My mother-in-law Shirley was a gifted country cook. Thanksgiving at my in-law’s house was celebrated with a huge stuffed turkey, perfect gravy, creamy mashed potatoes, Mom’s light-as-air dinner rolls, and homemade cranberry sauce, finished off by a dessert choice of pie, fudge, and cookies, all from her own special recipes.
My favorite of favorites will always be Mom’s homemade turkey stuffing. My father-in-law and his four sons are basic meat-and-potato guys. They don’t want anything fancy in the stuffing, no sausage or cornbread or – horror of horrors – oysters, which was the highlight of my own mother’s stuffing. Yet, my mother-in-law’s stuffing is the best I’ve ever tasted.
In her early eighties, my mother-in-law was diagnosed with Alzheimer’s. For many years, I was her caregiver, and one of the most difficult days of the year was Thanksgiving. My husband and I lived next door to his parents, so it was no trouble to include them as an active part of our Thanksgivings, but my mother-in-law mourned her inability to host the meal or to follow a recipe well enough to contribute to the feast.
One year, we hit upon the perfect solution. I prepared the turkey in her kitchen and cooked it in her oven.
Invariably, when I went over to baste the bird, she would ask, “What day is it?”
When I said, “Thanksgiving,” she would counter with, “Oh no. I don’t have anything ready.”
Then I’d say, “We’ll eat at my house, Mom.” And to her next question, “What am I going to bring?” I would open the oven door and let her see that beautiful turkey. Her beaming smile was well worth the effort of hauling the huge bird over to their house, and, when it was cooked, having my husband or our son haul it back.
Shirley has been celebrating Thanksgiving in heaven for 8 years now, but, as we celebrate the holiday here on earth, her wonderful turkey stuffing will add precious memories to the joy of the day.
If you have a meat-and-potatoes guy at your house, I can almost guarantee that he’ll love this country style dressing. (You can always add oysters for the adventurous! But wait until after the dressing is cooked.)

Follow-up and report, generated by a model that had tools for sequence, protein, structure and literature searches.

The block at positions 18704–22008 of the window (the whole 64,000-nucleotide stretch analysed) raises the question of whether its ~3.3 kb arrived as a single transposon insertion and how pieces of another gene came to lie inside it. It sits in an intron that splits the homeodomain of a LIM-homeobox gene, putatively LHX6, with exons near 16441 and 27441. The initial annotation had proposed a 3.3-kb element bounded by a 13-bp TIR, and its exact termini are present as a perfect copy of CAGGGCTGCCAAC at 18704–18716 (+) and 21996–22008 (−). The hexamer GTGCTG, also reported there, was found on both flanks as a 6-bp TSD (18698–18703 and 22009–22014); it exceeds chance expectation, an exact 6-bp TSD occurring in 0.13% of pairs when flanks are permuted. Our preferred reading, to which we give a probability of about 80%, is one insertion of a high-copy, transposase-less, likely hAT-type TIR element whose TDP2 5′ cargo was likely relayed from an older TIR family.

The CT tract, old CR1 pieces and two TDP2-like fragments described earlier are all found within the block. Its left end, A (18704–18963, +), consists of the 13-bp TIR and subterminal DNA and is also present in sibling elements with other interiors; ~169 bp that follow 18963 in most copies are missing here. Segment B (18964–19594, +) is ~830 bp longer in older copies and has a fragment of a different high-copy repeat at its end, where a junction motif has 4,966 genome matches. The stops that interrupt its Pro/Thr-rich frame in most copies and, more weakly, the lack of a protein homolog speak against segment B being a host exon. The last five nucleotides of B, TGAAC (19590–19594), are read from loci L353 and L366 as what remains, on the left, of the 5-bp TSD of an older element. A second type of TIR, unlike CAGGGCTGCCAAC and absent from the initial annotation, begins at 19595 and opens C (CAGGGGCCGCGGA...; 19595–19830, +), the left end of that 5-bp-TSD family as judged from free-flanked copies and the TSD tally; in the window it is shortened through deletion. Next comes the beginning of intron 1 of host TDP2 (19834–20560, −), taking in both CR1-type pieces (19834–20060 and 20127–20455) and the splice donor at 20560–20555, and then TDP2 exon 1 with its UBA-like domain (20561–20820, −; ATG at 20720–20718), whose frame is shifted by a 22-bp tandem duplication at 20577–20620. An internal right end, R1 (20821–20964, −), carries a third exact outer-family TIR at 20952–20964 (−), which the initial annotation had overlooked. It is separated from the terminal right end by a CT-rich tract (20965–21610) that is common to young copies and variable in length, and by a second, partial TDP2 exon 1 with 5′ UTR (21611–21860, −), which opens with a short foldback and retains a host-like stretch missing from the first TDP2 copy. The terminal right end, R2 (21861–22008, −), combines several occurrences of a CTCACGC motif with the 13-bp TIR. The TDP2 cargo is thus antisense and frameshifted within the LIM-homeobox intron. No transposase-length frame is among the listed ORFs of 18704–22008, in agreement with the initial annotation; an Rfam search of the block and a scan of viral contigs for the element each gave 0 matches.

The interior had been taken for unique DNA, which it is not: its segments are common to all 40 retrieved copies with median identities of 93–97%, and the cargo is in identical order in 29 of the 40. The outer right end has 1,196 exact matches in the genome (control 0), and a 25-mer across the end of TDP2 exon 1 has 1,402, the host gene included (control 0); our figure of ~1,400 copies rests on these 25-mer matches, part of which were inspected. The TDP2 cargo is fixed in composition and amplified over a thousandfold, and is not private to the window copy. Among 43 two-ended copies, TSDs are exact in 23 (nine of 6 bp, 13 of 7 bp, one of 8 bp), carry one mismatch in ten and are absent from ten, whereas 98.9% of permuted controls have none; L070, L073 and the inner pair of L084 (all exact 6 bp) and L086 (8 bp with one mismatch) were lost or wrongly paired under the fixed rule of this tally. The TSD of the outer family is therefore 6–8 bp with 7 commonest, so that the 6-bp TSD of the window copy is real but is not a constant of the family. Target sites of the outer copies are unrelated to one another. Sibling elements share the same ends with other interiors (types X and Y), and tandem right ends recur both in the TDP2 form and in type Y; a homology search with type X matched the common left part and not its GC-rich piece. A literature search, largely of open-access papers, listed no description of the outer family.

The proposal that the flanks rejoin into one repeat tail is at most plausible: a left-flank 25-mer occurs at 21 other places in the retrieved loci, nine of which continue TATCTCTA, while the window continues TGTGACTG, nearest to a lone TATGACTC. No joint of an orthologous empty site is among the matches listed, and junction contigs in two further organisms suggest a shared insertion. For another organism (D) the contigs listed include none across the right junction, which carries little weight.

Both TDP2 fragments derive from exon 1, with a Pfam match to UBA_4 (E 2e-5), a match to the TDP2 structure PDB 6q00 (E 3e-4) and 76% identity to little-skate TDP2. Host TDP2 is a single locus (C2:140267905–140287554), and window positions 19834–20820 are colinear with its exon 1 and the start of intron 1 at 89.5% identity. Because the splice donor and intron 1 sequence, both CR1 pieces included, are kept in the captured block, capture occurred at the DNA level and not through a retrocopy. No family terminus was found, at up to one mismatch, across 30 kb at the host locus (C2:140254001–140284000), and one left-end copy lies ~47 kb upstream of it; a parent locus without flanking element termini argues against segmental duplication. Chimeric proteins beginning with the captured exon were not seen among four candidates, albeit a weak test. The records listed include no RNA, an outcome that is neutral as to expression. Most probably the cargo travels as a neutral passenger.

Shirley Harrison’s Turkey Stuffing
1 ½ pound loaf of fresh, soft bread, your favorite kind, shredded finely (I use a steel blade attachment on my food processor at “crumb” setting. Shirley shredded the bread patiently by hand.)
1 can (10 ½ oz.) of condensed cream of mushroom soup
1 soup can of milk
1 medium onion diced and sautéed in 2 tablespoons of butter
1 stick of butter, melted
1 tablespoon of sage
½ teaspoon of poultry seasoning
1 teaspoon of salt or to taste
½ teaspoon of black pepper
In a large bowl, combine bread and spices. Mix well. Add remaining ingredients and stir until the bread crumbs are well-moistened. You will have a very “wet” mixture.
My preference is to bake the stuffing in a greased crockpot. I bake at low setting for about 4 hours. The trick with crockpot baking is to stir the stuffing every half hour so the bottom and edges don’t over bake. A big wooden spoon is the perfect tool to blend in the edges before they get too crusty.
This recipe makes a wonderfully moist, delicate dressing that serves about 8 people. When I’m expecting a huge crowd, I double or even triple the recipe, bake some in the bird and some in crockpots. Oven baking in foil or a casserole dish dries out the dressing.
Happy Thanksgiving!! May you ever be blessed with a legacy of wonderful memories AND recipes!
(Photo by Sue Harrison.)